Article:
Epigenome-wide meta-analysis of BMI in nine cohorts: Examining the utility of epigenetically predicted BMI

Whitney L. Do, Dianjianyi Sun, Karlijn Meeks, Pierre Antoine Dugué, Ellen Demerath, Weihua Guan, Shengxu Li, Wei Chen, Roger Milne, Abedowale Adeyemo, Charles Agyemang, Rami Nassir, Jo Ann E. Manson, Aladdin H. Shadyab, Lifang Hou, Steve Horvath, Themistocles L. Assimes, Parveen Bhatti, Kristina M. Jordahl, Andrea A. BaccarelliAlicia K. Smith, Lisa R. Staimez, Aryeh D. Stein, Eric A. Whitsel, K. M.Venkat Narayan, Karen N. Conneely*

*Corresponding author for this work

Research output: Contribution to journalArticlepeer-review

6 Scopus citations


This study sought to examine the association between DNA methylation and body mass index (BMI) and the potential of BMI-associated cytosine-phosphate-guanine (CpG) sites to provide information about metabolic health. We pooled summary statistics from six trans-ethnic epigenome-wide association studies (EWASs) of BMI representing nine cohorts (n = 17,034), replicated these findings in the Women's Health Initiative (WHI, n = 4,822), and developed an epigenetic prediction score of BMI. In the pooled EWASs, 1,265 CpG sites were associated with BMI (p < 1E−7) and 1,238 replicated in the WHI (FDR < 0.05). We performed several stratified analyses to examine whether these associations differed between individuals of European and African descent, as defined by self-reported race/ethnicity. We found that five CpG sites had a significant interaction with BMI by race/ethnicity. To examine the utility of the significant CpG sites in predicting BMI, we used elastic net regression to predict log-normalized BMI in the WHI (80% training/20% testing). This model found that 397 sites could explain 32% of the variance in BMI in the WHI test set. Individuals whose methylome-predicted BMI overestimated their BMI (high epigenetic BMI) had significantly higher glucose and triglycerides and lower HDL cholesterol and LDL cholesterol compared to accurately predicted BMI. Individuals whose methylome-predicted BMI underestimated their BMI (low epigenetic BMI) had significantly higher HDL cholesterol and lower glucose and triglycerides. This study confirmed 553 and identified 685 CpG sites associated with BMI. Participants with high epigenetic BMI had poorer metabolic health, suggesting that the overestimation may be driven in part by cardiometabolic derangements characteristic of metabolic syndrome.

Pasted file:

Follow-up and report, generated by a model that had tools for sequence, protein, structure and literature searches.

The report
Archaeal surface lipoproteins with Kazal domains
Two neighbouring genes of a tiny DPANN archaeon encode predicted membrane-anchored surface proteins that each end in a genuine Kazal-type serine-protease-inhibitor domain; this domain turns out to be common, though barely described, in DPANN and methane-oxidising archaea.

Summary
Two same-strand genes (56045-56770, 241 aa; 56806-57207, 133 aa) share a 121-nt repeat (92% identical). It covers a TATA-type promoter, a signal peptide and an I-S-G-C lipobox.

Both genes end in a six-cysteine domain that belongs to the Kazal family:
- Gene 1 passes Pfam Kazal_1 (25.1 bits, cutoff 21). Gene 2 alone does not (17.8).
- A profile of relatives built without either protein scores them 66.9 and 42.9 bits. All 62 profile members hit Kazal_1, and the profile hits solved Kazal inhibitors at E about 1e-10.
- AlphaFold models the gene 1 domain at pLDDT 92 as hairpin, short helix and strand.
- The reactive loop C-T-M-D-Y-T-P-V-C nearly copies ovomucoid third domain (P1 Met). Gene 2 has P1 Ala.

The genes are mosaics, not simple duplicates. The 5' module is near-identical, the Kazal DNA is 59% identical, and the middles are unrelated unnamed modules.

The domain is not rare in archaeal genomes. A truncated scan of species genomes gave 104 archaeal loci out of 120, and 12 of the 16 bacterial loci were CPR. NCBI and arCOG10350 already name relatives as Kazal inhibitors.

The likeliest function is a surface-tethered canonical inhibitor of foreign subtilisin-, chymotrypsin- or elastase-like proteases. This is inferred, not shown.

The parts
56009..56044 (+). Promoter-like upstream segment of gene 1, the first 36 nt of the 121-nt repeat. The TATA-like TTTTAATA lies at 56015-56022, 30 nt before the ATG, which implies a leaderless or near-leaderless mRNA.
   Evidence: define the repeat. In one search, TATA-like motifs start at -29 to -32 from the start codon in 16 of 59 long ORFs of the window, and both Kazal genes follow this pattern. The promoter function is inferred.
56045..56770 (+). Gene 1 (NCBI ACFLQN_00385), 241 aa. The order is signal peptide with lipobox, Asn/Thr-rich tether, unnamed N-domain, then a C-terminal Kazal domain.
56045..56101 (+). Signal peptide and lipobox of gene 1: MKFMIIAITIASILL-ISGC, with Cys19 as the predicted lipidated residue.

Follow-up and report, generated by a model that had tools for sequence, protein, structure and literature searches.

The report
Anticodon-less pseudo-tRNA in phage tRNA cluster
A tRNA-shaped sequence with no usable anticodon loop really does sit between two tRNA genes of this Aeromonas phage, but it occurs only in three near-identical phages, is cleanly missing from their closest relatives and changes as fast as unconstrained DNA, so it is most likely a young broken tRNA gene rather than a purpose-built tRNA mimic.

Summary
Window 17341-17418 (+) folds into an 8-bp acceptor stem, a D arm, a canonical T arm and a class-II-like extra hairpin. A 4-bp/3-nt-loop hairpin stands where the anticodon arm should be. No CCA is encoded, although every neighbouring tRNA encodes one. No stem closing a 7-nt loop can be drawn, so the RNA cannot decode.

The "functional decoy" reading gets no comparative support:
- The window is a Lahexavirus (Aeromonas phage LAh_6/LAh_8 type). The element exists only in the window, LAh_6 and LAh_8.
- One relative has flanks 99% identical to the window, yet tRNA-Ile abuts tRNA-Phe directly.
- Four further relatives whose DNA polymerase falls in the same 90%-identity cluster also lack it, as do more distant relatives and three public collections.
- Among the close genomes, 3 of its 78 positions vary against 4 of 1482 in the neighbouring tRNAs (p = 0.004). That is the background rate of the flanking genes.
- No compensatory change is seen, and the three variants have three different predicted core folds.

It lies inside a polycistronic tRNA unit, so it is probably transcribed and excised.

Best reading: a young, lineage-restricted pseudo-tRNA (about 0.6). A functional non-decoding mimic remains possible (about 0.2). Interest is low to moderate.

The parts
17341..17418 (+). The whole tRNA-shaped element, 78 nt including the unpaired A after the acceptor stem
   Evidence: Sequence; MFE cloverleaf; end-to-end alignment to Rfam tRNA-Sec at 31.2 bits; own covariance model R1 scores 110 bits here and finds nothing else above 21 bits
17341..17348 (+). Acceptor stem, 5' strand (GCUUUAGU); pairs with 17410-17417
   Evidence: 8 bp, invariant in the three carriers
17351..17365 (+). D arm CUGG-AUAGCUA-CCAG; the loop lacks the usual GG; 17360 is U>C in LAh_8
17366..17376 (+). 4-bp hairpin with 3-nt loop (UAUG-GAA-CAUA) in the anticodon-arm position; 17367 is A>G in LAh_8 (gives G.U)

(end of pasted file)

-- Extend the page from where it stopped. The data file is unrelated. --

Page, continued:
Original languageEnglish (US)
Pages (from-to)273-283
Number of pages11
JournalAmerican journal of human genetics
Issue number2
StatePublished - Feb 2 2023


  • BMI
  • DNA methylation
  • adiposity
  • epigenome-wide association study
  • epigenomics
  • metabolic disease
  • obesity
  • prediction

ASJC Scopus subject areas

  • Genetics(clinical)
  • Genetics


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